Imaging assessment of fibrodysplasia ossificans progressiva: Qualitative, quantitative and questionable (2023)

Abstract

Fibrodysplasia ossificans progressiva (FOP) is an ultra-rare autosomal dominant genetic disorder of heterotopic ossification (HO) characterized by skeletal anomalies and episodic soft tissue swelling (flare-ups) that can transform into heterotopic bone. The progressive development of heterotopic bone and progressive arthropathy leads to significant limitation of mobility. This paper will review various imaging modalities used in evaluating episodic soft tissue swelling (flare-ups), heterotopic bone and skeletal anomalies. Different imaging modalities are required at different stages of the disease. Ultrasound and MRI can be useful for evaluating edema in early stages of a flare-up; MRI being superior to ultrasonography. Plain radiographs and computed tomography (CT) can evaluate heterotopic bone in later stages of HO, but CT scan is better at evaluating presence and the volume of heterotopic bone. Functional imaging demonstrates increased activity at sites of flare-ups, their utility in determining disease progression need to be further evaluated. Cost, radiation exposure, availability of various imaging modalities and the ability of FOP patients to fit in the scanner are all considerations when requesting radiographic tests in a patient with FOP. Future studies are required to determine if early radiographic findings can determine disease progression and response to treatment in this disorder.

Original languageEnglish (US)
Pages (from-to)147-152
Number of pages6
JournalBone
Volume109
DOIs
StatePublished - Apr 2018

Keywords

  • ACVR1
  • Bone morphogenetic protein
  • Computed tomography
  • Fibrodysplasia ossificans progressiva (FOP)
  • Heterotopic ossification
  • Magnetic resonance imaging
  • Soft tissue edema

ASJC Scopus subject areas

  • Endocrinology, Diabetes and Metabolism
  • Physiology
  • Histology

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Al Mukaddam, M., Rajapakse, C. S., Pignolo, R. J., Kaplan, F. S., & Smith, S. E. (2018). Imaging assessment of fibrodysplasia ossificans progressiva: Qualitative, quantitative and questionable. Bone, 109, 147-152. https://doi.org/10.1016/j.bone.2017.08.011

Imaging assessment of fibrodysplasia ossificans progressiva : Qualitative, quantitative and questionable. / Al Mukaddam, Mona; Rajapakse, Chamith S.; Pignolo, Robert J. et al.

In: Bone, Vol. 109, 04.2018, p. 147-152.

Research output: Contribution to journalArticlepeer-review

Al Mukaddam, M, Rajapakse, CS, Pignolo, RJ, Kaplan, FS & Smith, SE 2018, 'Imaging assessment of fibrodysplasia ossificans progressiva: Qualitative, quantitative and questionable', Bone, vol. 109, pp. 147-152. https://doi.org/10.1016/j.bone.2017.08.011

Al Mukaddam M, Rajapakse CS, Pignolo RJ, Kaplan FS, Smith SE. Imaging assessment of fibrodysplasia ossificans progressiva: Qualitative, quantitative and questionable. Bone. 2018 Apr;109:147-152. https://doi.org/10.1016/j.bone.2017.08.011

Al Mukaddam, Mona ; Rajapakse, Chamith S. ; Pignolo, Robert J. et al. / Imaging assessment of fibrodysplasia ossificans progressiva : Qualitative, quantitative and questionable. In: Bone. 2018 ; Vol. 109. pp. 147-152.

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abstract = "Fibrodysplasia ossificans progressiva (FOP) is an ultra-rare autosomal dominant genetic disorder of heterotopic ossification (HO) characterized by skeletal anomalies and episodic soft tissue swelling (flare-ups) that can transform into heterotopic bone. The progressive development of heterotopic bone and progressive arthropathy leads to significant limitation of mobility. This paper will review various imaging modalities used in evaluating episodic soft tissue swelling (flare-ups), heterotopic bone and skeletal anomalies. Different imaging modalities are required at different stages of the disease. Ultrasound and MRI can be useful for evaluating edema in early stages of a flare-up; MRI being superior to ultrasonography. Plain radiographs and computed tomography (CT) can evaluate heterotopic bone in later stages of HO, but CT scan is better at evaluating presence and the volume of heterotopic bone. Functional imaging demonstrates increased activity at sites of flare-ups, their utility in determining disease progression need to be further evaluated. Cost, radiation exposure, availability of various imaging modalities and the ability of FOP patients to fit in the scanner are all considerations when requesting radiographic tests in a patient with FOP. Future studies are required to determine if early radiographic findings can determine disease progression and response to treatment in this disorder.",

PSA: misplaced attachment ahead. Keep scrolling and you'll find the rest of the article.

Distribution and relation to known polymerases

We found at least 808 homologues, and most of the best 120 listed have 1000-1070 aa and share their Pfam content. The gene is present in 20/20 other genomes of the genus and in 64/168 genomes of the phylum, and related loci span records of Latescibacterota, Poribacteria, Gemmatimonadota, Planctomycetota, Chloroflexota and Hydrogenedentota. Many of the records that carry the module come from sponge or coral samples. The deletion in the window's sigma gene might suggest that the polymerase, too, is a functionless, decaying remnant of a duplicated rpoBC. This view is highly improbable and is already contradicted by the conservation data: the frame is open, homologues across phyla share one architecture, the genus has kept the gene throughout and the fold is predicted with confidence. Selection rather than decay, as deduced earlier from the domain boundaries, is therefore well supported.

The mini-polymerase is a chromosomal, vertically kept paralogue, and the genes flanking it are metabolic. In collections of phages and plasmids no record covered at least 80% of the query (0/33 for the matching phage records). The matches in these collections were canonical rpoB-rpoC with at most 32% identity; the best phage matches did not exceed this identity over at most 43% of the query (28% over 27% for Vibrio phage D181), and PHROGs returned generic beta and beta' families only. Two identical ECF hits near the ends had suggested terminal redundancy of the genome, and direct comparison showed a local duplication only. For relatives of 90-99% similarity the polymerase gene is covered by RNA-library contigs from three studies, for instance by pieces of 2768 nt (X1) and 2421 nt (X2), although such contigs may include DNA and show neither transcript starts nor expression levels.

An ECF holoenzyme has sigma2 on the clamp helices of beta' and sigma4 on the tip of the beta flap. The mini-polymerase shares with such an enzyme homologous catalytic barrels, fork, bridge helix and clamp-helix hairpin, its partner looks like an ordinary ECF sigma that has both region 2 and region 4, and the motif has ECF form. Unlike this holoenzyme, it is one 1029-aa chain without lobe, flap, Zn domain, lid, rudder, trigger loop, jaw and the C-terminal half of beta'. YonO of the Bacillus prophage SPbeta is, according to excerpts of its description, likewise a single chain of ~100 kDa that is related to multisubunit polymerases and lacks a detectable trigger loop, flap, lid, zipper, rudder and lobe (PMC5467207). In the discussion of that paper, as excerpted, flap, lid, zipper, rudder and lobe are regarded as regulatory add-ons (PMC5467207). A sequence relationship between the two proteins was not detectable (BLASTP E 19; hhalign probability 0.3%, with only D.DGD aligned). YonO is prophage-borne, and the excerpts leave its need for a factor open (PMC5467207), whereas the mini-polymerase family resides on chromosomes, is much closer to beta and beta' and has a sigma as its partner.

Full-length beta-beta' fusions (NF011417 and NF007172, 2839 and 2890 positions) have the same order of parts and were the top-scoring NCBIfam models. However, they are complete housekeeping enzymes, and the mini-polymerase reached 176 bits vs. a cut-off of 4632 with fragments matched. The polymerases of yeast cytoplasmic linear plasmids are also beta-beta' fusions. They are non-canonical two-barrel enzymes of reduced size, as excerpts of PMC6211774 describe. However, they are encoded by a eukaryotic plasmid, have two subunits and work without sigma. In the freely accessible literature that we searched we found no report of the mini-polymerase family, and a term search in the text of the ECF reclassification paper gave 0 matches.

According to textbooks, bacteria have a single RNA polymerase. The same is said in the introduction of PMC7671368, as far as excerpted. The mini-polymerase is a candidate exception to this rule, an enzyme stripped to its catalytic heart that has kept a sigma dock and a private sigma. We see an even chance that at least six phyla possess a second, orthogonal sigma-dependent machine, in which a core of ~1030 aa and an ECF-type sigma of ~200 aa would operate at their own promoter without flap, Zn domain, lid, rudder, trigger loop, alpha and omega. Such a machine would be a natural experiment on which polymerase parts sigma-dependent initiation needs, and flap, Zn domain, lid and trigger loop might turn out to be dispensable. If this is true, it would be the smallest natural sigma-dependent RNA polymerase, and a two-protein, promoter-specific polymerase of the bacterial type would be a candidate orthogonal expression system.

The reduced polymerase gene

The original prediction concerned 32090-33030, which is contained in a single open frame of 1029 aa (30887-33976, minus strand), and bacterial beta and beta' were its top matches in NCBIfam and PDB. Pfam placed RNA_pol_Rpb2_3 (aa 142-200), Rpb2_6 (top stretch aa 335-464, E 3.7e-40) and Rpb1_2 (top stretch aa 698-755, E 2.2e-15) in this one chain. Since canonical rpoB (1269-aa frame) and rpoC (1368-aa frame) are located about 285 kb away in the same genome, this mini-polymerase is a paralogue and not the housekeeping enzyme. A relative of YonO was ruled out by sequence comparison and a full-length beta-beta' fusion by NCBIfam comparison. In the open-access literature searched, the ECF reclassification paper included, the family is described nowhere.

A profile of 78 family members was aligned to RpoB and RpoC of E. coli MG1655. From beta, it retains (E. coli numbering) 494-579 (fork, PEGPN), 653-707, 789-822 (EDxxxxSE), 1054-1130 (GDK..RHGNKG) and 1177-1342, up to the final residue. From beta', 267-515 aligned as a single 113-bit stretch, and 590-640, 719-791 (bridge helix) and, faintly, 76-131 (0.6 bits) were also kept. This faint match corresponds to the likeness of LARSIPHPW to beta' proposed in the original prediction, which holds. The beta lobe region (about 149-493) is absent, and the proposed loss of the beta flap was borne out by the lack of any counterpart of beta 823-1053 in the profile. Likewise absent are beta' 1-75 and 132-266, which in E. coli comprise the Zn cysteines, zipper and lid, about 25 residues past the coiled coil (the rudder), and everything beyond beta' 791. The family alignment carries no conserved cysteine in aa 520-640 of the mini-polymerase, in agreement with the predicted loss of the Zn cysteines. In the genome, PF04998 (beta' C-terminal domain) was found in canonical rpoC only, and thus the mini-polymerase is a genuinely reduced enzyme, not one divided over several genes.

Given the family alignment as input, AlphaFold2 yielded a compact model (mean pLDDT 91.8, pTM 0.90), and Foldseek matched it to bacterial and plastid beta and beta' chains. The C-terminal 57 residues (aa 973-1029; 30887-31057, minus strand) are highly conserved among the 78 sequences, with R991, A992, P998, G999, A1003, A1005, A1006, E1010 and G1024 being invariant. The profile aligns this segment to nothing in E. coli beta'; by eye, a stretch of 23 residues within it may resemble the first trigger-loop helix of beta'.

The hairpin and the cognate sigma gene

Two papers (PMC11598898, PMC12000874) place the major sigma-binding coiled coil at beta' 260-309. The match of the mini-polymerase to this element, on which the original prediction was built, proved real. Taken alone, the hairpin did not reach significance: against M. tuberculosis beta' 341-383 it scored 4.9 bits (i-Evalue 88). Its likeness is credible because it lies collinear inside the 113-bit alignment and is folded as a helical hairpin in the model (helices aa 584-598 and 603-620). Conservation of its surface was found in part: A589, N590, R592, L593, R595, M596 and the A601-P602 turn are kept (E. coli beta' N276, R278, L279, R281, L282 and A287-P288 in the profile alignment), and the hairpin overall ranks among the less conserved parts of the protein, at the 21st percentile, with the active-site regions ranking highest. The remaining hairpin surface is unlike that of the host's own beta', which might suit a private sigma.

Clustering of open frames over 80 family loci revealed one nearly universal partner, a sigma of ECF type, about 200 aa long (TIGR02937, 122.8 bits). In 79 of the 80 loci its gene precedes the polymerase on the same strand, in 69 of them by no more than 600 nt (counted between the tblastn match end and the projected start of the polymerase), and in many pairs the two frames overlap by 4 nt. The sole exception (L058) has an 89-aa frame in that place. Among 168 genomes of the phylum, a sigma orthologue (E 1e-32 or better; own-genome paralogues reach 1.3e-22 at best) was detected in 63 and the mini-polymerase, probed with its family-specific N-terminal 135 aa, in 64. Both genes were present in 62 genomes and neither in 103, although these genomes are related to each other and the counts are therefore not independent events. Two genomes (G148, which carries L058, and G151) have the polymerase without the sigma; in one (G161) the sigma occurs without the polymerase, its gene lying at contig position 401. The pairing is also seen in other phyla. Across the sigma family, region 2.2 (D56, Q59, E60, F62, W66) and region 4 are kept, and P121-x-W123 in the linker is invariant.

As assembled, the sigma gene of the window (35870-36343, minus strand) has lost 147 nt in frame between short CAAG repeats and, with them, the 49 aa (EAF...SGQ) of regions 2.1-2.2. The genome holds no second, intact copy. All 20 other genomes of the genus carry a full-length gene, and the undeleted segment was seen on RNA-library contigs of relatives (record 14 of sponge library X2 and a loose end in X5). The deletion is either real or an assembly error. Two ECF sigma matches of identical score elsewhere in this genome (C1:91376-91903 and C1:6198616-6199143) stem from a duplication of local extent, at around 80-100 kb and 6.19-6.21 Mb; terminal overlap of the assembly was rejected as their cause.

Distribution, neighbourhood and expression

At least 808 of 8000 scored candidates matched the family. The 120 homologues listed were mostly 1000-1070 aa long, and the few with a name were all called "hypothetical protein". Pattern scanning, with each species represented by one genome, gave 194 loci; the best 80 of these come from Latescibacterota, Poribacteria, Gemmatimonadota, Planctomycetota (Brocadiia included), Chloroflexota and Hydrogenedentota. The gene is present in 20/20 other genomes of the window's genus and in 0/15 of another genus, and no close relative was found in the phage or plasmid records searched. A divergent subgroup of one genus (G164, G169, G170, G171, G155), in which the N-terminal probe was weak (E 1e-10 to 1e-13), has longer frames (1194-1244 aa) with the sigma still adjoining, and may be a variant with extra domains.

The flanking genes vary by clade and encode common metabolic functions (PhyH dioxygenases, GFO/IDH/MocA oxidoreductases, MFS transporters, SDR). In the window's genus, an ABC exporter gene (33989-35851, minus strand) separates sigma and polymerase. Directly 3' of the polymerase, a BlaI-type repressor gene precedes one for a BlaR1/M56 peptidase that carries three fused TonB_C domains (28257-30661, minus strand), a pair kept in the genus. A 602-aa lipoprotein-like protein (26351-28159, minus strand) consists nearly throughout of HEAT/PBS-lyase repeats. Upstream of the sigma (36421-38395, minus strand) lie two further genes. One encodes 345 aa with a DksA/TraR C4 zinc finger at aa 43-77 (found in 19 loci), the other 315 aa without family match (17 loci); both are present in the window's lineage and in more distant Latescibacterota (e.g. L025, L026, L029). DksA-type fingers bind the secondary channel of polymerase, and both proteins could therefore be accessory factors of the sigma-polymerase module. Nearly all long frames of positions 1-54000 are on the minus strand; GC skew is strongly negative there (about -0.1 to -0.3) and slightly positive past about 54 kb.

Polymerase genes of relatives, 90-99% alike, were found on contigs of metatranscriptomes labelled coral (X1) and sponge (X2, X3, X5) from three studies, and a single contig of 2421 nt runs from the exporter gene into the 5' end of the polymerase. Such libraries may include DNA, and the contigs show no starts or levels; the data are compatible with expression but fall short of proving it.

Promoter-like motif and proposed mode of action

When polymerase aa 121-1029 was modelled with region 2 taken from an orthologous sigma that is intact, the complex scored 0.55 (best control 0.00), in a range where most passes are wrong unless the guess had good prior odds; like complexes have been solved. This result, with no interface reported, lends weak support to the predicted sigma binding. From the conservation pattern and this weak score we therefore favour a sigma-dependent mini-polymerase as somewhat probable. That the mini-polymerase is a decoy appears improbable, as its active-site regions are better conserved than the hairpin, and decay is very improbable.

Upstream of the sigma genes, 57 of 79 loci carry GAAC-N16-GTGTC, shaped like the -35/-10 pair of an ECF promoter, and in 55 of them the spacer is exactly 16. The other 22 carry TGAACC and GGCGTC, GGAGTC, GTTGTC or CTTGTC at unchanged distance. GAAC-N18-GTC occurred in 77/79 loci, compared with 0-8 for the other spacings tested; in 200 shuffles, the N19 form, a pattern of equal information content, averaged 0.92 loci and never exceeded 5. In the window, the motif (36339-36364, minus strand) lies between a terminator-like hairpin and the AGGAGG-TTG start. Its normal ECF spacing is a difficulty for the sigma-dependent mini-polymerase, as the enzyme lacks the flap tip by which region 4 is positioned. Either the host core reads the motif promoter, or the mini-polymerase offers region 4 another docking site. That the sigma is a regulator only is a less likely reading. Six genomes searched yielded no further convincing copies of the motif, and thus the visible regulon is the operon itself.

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AB - Fibrodysplasia ossificans progressiva (FOP) is an ultra-rare autosomal dominant genetic disorder of heterotopic ossification (HO) characterized by skeletal anomalies and episodic soft tissue swelling (flare-ups) that can transform into heterotopic bone. The progressive development of heterotopic bone and progressive arthropathy leads to significant limitation of mobility. This paper will review various imaging modalities used in evaluating episodic soft tissue swelling (flare-ups), heterotopic bone and skeletal anomalies. Different imaging modalities are required at different stages of the disease. Ultrasound and MRI can be useful for evaluating edema in early stages of a flare-up; MRI being superior to ultrasonography. Plain radiographs and computed tomography (CT) can evaluate heterotopic bone in later stages of HO, but CT scan is better at evaluating presence and the volume of heterotopic bone. Functional imaging demonstrates increased activity at sites of flare-ups, their utility in determining disease progression need to be further evaluated. Cost, radiation exposure, availability of various imaging modalities and the ability of FOP patients to fit in the scanner are all considerations when requesting radiographic tests in a patient with FOP. Future studies are required to determine if early radiographic findings can determine disease progression and response to treatment in this disorder.